Yet we were determined to find a way to accomplish our mission. We treated the challenges of the situation as an opportunity to think outside the box and in new ways, but again the element of being bold was essential. Why bold? Not because we were drama queens, but because we perceived that we needed to meet or match the ferocity and boldness of the attacks we were faced with. Battles are not truly joined until and unless that ingredient is in the mix. 

Or, as Butler understood and used to say, match brute force with brute force, not with talk, not with flowers! 
As fate would have it, our union was the only union left in all of New York and of the few in the country that had long operated under the mantra "No Contract, No Work". All the others had been out there for years without a contract and all public sector unions are prohibited from striking. Yet we made clear, for us, "A Deadline was a Deadline" and for which, we became the scourge of the earth as far as the media and the government was concerned.  
(It didn't help either that the person often making that position loud and clear in the press, was black and spoke with a distinct accent, stubborn and boldface to boot. They might accept black men that are "non-threatening", not that).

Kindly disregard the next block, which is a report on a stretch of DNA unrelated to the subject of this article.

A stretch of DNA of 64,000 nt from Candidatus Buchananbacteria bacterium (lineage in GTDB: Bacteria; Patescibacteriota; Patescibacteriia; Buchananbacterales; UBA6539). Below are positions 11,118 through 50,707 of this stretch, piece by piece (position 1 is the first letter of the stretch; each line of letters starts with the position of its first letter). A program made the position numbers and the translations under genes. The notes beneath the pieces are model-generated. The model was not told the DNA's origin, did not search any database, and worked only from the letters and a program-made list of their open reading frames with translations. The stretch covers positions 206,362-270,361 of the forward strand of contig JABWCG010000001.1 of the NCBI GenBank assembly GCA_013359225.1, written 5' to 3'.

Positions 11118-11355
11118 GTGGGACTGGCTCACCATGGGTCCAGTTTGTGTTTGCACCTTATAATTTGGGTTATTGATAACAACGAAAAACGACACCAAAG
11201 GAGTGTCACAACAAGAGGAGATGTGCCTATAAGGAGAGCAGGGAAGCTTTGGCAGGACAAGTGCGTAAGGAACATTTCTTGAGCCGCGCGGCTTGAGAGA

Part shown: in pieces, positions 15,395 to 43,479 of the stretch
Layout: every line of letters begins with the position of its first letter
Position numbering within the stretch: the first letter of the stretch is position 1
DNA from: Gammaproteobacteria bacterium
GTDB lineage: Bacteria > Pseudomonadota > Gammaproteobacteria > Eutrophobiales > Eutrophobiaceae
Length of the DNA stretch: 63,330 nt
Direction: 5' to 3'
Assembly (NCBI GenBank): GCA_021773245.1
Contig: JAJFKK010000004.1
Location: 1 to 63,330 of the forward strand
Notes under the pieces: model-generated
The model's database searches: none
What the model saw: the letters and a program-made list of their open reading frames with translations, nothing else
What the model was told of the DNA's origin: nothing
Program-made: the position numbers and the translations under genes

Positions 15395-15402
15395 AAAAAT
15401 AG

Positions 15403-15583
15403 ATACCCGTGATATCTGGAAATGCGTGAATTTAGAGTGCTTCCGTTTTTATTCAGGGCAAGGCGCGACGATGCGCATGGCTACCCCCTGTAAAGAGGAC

And we are talking New York City: the transportation system there is by far and away the biggest in the country carrying 8 million fares on an average weekday, the bus fleet on the road alone every day was over 7,500 buses. And this was the home of the Wall Street Stock Exchange, of the big trading houses, some of the biggest banks, insurance companies and most expensive real estate in the world. 

But our mindset was that we were putting down work for the revival and future of Labor and I would contend that we had some impact by upholding the idea, very boldly and publicly, that organizing and fighting back was the better and real alternative to taking abuse and that could be effective in bringing gains and winning victories. 
And it did. Apart from conducting about half a dozen successful strikes against smaller employers around NY State, twice we took on the State and City governments themselves in massive confrontations with some of the wealthiest people in the world and stunned them with boldness they were unaccustomed to. In 2002, despite operating in the shadows of the attack on the WTC and anticipated war with the imminent invasion of Iraq (Congress had already voted to approve war, it was just a matter of when), we made clear that we would shut NYC down.

What is often better than a strike is a believable threat of one, with emphasis on believable. We began preparing from our first day in office and with two years to our deadline we treated every challenge and confrontation with the Metropolitan Transit Authority (MTA), the City and the State as a battle to gain the upper hand in preparation for war.